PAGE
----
On any other day of the year, if you went to the Crocus Field Bathhouse you’d hear the drip of the taps, the calm sloshing of water, the hiss of steam, a quiet conversation, all reverberating atmospherically off the tiled walls. Unless you are in the dryroom, in which case you will hear the hot air whooshing past your ears, and the noise of the fans. There’s a reason they put sound insulation between the dryroom and the rest of the Bathhouse: an atmosphere of calm is what people are there for. If you go into the Bathhouse today, peace and quiet is not quite what you’ll get, although the sound of a few hundred people throat singing can in itself be calming.
Quite where the rumours initially came from has never been properly established, but many believe they began as malicious reports of a haunting, in an attempt to drive people away from the Bathhouse because of its reputation for being a popular hub for gay Buentoillitants. The aim was, presumably, to make it go out of business, but when this obviously didn’t happen, the rumour morphed into something closer to the festival today. In 1717 there was a piece in the Buentoillitant Prayre Manewalle that claimed ‘wateyre spirytes’ could be heard if you submerged your head in one of the hot baths, and by 1734 there were various oblique references to the ‘Crowcus Feld bathynge ghost.’
It seems likely that the idea that the ghost whispered evil words to Bathhouse visitors came about in 1783, at the same time that it became associated with this day of the year. At that point the entrance way was wallpapered, wallpaper which began to peel. The owners decided that renovation was in order, and all the wallpaper was removed and underneath the date 10/12/1627 was daubed on the wall in charcoal. Likely it had been put there by the decorators, alongside a signature which had been washed away by the damp, like a teenager carving their name into their school desk. Yet to those primed to see evidence of ghosts, it seemed far more sinister. It was around the time of this renovation that it became known that on this day each year, if you listen carefully, you can hear ghostly whispers bounce off the tiles.
There are various different theories about what happens if you listen to the whispers. Some say that they tell you secrets of maddening significance, facts about your life that somehow you know to be true taken out of context. ‘He wishes he could be rid of you,’ it might whisper, ‘your mother cursed the day she had you.’ Or perhaps they speak spells in some lost language, that make your ears bleed and your limbs work against you. Maybe they are just long-lost conversations, trapped in some kink of space-time, bouncing around there until today they somehow find their way back, hundreds of years after they were first uttered. Or all the thoughts that remained unspoken, voiced in ghostly, whispered form.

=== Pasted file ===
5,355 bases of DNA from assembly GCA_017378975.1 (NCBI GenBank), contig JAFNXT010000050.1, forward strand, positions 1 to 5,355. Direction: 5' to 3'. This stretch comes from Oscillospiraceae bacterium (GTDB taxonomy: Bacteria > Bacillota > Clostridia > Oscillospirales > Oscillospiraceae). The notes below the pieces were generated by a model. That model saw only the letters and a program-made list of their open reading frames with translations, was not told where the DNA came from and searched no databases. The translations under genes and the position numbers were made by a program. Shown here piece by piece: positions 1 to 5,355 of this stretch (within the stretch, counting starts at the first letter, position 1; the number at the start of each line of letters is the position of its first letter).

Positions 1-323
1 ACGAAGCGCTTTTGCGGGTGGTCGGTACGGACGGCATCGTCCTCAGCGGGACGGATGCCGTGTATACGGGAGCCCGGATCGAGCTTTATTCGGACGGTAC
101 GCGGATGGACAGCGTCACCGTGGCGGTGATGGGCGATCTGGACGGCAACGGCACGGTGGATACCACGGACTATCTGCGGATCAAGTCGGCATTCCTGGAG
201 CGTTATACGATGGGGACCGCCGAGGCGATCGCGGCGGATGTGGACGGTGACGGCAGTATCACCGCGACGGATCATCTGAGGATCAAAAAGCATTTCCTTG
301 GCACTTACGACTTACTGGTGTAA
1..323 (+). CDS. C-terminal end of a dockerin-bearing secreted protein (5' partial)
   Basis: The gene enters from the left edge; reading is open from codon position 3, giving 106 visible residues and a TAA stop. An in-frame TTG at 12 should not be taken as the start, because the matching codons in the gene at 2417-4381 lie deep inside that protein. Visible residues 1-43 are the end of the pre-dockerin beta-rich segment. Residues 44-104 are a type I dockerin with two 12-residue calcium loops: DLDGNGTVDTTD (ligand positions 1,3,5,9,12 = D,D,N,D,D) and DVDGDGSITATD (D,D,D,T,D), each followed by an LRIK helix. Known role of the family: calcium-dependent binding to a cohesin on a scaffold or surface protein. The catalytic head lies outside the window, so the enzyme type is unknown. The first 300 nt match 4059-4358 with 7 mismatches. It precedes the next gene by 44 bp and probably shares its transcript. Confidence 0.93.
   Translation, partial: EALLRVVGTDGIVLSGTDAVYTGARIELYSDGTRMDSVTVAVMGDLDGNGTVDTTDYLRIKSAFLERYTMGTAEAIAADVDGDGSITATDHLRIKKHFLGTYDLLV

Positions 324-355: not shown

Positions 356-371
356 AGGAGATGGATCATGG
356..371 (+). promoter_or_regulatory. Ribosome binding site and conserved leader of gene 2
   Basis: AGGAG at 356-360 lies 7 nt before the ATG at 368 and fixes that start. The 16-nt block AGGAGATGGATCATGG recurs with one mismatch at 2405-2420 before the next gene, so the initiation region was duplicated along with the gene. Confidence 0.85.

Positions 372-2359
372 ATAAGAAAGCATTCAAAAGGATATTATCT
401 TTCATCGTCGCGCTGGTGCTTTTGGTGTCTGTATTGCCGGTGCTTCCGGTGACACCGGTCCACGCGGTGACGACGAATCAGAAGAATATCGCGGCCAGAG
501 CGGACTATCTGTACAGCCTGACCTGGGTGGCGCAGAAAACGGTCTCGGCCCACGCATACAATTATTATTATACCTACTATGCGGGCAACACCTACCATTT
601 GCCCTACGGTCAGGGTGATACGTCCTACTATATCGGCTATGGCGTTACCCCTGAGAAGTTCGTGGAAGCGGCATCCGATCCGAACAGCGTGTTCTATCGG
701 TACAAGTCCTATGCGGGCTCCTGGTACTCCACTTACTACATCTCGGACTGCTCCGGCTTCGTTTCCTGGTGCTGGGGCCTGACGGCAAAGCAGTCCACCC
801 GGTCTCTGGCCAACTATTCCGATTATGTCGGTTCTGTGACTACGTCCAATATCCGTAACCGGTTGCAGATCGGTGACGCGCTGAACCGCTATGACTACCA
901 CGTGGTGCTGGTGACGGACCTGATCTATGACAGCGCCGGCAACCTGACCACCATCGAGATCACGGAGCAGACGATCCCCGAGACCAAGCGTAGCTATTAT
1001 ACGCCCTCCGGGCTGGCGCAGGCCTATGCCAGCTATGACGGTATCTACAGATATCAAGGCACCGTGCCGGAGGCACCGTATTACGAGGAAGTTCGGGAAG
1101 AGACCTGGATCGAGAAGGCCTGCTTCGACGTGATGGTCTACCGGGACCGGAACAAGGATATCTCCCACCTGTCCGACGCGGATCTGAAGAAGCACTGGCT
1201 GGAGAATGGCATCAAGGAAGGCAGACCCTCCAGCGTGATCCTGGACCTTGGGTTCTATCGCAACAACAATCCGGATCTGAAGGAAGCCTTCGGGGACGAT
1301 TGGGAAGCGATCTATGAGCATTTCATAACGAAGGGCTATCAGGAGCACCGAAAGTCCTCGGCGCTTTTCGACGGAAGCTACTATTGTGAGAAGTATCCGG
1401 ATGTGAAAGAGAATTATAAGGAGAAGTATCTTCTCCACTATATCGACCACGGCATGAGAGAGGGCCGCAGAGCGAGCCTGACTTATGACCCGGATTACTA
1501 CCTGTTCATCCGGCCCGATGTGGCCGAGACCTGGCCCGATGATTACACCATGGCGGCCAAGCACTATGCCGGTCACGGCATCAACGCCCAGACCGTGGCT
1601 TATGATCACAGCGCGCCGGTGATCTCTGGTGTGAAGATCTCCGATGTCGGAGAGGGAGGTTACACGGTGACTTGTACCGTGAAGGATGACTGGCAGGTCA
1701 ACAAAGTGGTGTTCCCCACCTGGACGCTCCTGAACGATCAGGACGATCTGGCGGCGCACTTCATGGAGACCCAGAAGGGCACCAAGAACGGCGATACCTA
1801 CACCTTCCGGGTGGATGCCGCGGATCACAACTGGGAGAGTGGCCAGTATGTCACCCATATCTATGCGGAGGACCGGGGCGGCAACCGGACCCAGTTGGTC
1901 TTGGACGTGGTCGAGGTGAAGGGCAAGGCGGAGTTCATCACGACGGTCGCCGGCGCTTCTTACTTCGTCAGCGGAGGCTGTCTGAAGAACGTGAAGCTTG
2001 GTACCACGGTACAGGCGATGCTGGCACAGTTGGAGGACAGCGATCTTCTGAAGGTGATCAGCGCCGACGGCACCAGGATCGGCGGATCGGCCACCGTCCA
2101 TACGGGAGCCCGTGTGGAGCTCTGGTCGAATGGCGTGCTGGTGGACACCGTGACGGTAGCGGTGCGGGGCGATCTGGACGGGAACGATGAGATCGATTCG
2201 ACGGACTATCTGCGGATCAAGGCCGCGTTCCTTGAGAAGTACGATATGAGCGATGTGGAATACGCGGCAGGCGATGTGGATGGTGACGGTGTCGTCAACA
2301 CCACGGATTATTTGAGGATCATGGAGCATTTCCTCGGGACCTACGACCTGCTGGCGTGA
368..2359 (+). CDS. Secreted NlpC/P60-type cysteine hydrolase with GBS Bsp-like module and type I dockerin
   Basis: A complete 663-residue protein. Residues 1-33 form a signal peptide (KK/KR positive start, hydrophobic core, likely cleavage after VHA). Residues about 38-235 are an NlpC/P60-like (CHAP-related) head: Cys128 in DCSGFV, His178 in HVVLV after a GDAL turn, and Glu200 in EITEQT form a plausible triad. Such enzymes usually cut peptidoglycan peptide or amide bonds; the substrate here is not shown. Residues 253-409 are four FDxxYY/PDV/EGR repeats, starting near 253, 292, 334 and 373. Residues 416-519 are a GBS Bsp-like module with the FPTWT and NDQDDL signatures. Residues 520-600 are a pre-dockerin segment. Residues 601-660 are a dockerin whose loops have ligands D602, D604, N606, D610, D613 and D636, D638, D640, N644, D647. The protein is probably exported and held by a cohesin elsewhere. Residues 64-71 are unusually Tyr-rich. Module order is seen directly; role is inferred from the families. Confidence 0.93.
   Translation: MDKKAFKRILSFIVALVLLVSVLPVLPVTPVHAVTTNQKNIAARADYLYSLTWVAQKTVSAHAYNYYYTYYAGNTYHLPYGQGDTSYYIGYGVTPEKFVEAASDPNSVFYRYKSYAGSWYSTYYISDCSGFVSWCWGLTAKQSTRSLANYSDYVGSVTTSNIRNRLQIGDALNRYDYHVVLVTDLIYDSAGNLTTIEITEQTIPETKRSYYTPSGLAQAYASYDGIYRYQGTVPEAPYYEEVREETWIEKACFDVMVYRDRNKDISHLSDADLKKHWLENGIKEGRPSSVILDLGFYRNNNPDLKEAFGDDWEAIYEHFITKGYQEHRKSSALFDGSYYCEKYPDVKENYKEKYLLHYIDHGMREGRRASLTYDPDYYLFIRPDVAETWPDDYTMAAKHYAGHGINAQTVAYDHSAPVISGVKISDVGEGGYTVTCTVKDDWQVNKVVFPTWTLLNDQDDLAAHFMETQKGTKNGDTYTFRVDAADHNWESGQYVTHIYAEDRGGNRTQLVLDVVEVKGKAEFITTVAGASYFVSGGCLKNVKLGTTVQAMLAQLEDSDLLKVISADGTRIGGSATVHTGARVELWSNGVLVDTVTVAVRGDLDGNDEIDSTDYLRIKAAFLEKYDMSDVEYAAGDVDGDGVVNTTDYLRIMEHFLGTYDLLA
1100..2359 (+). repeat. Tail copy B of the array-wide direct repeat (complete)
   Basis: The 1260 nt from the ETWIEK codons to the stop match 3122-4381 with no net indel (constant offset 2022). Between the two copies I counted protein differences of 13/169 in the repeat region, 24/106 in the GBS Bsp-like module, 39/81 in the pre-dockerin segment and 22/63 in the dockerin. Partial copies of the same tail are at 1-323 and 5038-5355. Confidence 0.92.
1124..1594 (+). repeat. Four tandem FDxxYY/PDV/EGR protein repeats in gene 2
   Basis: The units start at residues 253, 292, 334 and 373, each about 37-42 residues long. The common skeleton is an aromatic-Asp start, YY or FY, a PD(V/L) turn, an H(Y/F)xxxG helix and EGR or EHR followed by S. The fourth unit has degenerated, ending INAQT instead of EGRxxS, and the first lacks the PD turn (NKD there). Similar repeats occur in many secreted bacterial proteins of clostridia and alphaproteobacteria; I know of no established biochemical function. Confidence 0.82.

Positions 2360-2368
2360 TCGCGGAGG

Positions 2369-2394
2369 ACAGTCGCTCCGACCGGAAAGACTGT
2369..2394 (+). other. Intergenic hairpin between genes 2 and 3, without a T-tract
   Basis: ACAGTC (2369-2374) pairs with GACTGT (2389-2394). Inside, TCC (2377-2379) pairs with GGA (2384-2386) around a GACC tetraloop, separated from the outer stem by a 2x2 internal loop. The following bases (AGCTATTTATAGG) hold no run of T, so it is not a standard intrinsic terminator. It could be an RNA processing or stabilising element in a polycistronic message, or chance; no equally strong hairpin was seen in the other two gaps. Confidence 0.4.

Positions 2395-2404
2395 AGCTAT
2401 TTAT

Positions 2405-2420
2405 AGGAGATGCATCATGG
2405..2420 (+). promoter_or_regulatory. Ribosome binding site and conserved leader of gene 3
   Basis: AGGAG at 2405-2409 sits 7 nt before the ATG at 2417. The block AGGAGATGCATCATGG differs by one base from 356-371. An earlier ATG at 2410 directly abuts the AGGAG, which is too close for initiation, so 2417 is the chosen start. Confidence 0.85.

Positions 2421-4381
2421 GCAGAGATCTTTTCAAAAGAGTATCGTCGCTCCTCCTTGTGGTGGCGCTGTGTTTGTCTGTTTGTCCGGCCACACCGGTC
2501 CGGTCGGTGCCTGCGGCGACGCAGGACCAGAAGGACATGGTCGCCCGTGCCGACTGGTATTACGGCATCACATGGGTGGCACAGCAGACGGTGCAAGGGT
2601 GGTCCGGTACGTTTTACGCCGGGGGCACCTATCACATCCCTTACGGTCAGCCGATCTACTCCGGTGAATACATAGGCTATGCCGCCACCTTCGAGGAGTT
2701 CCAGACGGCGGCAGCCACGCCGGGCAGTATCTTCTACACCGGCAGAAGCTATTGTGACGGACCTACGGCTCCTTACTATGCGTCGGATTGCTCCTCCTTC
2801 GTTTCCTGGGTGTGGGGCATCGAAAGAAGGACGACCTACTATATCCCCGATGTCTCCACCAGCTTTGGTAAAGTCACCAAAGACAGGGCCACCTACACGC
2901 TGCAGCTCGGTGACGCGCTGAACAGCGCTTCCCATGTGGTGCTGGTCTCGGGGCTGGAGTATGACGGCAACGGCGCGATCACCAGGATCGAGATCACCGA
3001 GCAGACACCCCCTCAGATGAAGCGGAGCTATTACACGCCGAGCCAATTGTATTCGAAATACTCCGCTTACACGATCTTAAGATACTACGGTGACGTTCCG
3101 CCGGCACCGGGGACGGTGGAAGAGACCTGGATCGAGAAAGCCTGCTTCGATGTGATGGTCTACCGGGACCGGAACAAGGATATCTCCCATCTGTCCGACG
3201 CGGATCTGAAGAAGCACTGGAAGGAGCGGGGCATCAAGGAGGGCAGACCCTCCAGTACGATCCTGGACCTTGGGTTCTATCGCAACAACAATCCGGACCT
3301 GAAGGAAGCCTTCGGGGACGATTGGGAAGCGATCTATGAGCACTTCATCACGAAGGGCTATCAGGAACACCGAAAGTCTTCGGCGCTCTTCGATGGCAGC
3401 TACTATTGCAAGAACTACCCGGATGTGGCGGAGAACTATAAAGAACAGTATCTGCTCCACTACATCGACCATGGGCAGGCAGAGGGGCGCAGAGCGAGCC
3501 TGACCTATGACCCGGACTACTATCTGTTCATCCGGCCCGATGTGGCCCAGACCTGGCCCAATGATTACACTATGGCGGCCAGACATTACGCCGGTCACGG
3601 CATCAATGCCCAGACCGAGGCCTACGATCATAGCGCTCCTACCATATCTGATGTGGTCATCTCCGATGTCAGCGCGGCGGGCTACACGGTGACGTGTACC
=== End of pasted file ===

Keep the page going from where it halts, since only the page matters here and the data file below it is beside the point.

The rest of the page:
Whatever arcane danger contained within the whispers, it’s not worth risking your mind to find out. Or this, at least, is the approach of the two to three hundred strong makeshift choir that squeeze into the saunas and baths today, all appropriately attired in their towels. From the moment they walk in the doors of the building, throughout the time they spend in the changing rooms, and for the entirety of their bathing time, they deeply hum or throat sing in a warbling fashion, never letting up for a moment, lest they hear the whisper. The singers pair up, ensuring that when one of them takes a breath, the other is singing.
The idea of this odd experience is to make the space safe for the other bathers, but given that the baths become entirely full of warbling, humming Buentoillitants, they end up essentially muscling out those who they are nominally there to serve. Nobody seems to mind that much, even when they come out at the end of their singing shift (it goes on from open to close; 5am to 7pm; so the singers are divided into three and a half hour shifts) with ringing ears and a sore throat. Live might be being saved, who knows?
Other festivals happening today:
- The Festival of Cherubic Smiles
- The Longing Gaze Festival
- Tendentious Form Day